Remedy Entertainment and Microsoft Studios are bringing the time-warping shooter Quantum Break to Steam, leading to all sorts of speculation about failed sales expectations, soured business relationships and beyond.
Remedy's Thomas Puha previously tweeted that it was "unlikely" that Remedy would release another Windows 10 patch, but has since clarified that the Windows 10 Store version will be updated to maintain parity with the Steam version.
Thomas Puha apologized for the confusion caused by his earlier tweet, while stating that updates for Quantum Break on Steam will also hit the Windows 10 Store version.
Apps packaged for the Universal Windows Platform essentially run inside a container that mimics a standard Windows environment. It wouldn't necessarily be a huge amount of work for Remedy to bring any updates to the Win32 version of Quantum Break to the UWP packaged version of the game, and hopefully, Thomas Puha's comments above reflect that.
I have seen plenty of speculation across the internet regarding Quantum Break's imminent release on Steam pointing to poor sales on the Windows 10 Store, poor return on investment and so on. I think the reality is a little more mundane.
When it comes to second party deals, it's all about business, and every contractual agreement is different. Remedy has a long history of supporting Win32 PC games, and they enjoy a strong heritage as PC game developers. I think it's safe to presume that Quantum Break was always planned for a Steam launch, but it also presented a unique opportunity for Microsoft to not only promote the Windows 10 Store as a core gaming platform, but also gather feedback on where UWP gaming excels, and where it fails.
If the Universal Windows Platform is ever going to reach the level of quality it needs to compete with Win32 as a way for distributing games, they need to actually sell games on it and gather feedback from regular consumers.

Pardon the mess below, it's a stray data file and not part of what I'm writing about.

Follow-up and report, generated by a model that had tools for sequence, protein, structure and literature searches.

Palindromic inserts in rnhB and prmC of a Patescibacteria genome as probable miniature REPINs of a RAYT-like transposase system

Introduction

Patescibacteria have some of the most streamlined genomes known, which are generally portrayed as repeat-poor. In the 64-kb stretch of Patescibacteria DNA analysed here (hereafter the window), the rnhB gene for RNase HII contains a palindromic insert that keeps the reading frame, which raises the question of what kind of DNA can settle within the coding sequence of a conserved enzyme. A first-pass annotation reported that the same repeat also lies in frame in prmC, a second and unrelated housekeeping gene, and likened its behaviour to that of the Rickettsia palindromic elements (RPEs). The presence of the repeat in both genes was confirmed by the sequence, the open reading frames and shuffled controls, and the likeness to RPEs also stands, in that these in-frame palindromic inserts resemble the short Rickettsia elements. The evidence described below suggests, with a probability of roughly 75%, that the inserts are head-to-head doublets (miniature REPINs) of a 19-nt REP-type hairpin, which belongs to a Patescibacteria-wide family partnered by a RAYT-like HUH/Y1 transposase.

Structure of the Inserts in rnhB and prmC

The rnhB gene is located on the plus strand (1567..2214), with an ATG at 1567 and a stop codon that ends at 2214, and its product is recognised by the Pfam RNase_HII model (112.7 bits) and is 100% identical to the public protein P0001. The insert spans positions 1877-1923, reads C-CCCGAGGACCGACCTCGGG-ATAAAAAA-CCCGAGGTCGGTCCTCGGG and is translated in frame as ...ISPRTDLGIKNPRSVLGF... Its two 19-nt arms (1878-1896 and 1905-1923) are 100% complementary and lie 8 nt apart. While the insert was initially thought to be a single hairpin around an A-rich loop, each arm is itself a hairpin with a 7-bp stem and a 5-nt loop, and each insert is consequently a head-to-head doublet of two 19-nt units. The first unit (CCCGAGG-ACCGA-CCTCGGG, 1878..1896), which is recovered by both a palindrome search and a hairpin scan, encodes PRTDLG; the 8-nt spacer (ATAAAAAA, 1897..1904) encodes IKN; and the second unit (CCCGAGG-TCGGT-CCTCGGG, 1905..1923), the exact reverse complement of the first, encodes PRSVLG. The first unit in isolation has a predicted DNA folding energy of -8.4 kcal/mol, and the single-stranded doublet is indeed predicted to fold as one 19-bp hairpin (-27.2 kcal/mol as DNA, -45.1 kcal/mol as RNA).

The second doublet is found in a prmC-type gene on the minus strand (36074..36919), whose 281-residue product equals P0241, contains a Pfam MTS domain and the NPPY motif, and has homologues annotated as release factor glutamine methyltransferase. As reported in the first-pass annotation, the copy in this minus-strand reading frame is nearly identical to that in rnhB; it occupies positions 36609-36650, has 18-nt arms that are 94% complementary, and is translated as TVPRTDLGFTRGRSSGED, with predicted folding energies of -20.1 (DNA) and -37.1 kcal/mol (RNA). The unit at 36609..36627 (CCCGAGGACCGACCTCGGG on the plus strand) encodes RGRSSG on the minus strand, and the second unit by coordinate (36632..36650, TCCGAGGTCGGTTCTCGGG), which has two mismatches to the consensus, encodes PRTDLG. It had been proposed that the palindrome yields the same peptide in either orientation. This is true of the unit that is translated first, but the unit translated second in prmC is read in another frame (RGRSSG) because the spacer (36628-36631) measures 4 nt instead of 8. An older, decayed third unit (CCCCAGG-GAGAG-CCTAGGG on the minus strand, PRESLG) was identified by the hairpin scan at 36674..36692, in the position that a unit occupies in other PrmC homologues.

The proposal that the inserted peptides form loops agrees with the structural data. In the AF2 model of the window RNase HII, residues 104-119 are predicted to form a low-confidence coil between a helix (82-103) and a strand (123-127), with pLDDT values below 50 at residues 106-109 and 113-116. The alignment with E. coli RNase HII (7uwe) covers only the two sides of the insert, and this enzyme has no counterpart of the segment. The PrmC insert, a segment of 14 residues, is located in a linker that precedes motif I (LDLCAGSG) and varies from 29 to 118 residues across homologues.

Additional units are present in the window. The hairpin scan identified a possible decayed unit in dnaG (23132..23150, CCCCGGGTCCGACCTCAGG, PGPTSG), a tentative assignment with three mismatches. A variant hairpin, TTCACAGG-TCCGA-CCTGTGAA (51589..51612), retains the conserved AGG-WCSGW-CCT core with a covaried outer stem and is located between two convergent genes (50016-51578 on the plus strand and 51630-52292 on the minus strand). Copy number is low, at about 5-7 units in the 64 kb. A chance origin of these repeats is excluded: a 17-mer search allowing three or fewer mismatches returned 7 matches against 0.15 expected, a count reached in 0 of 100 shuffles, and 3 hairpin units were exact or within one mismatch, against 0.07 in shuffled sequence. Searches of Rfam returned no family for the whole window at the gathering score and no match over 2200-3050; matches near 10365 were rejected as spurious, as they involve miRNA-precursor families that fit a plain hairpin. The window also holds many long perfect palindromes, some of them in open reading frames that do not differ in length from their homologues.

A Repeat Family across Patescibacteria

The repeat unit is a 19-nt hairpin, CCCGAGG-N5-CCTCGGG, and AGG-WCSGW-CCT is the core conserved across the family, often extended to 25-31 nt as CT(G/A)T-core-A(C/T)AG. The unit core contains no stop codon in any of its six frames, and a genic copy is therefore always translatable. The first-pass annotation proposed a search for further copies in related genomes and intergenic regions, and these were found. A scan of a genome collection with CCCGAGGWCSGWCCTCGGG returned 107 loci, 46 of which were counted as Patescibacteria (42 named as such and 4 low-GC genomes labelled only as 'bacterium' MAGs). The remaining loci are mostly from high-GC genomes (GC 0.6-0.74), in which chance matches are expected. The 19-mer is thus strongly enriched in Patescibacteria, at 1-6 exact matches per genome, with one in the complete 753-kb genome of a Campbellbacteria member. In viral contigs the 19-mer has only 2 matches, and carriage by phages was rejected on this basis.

That said, there's simply no way that a PC game distributed on the Windows 10 Store will earn as much as games distributed on Steam at this point. With Quantum Break's initial sales long behind it, putting it out to Windows 8 and Windows 7 PCs on the tried and tested Steam platform is essentially free money for both Remedy and Microsoft Studios. It's a no-brainer, and it's not like there isn't already a precedent for this happening.
Dead Rising 3, a former Xbox exclusive also hit Steam. Rise of the Tomb Raider, previously Xbox and Windows 10 Store exclusive, also arrived on Steam. Both of those titles have their own publishers, but Microsoft brought Ori and the Blind Forest to Steam as the publisher too, despite it hitting Xbox and Windows 10 UWP as an exclusive last year.
With a second party developer involved, there are most likely royalty payments on units sold. Maximizing those royalties on PC means the game needs to hit Steam, which is by far the most popular distribution platform for PC games. To that end, you should expect other Xbox One and Windows 10 Store exclusives like ReCore and Scalebound to hit Steam in the future as well.
There's no conspiracy here, just good business sense, and it will help to keep Microsoft Studios as a self-sustaining entity, enabling them to innovate, take risks and ultimately, fund more games.
Quantum Break will hit Steam on September 14th, 2016.
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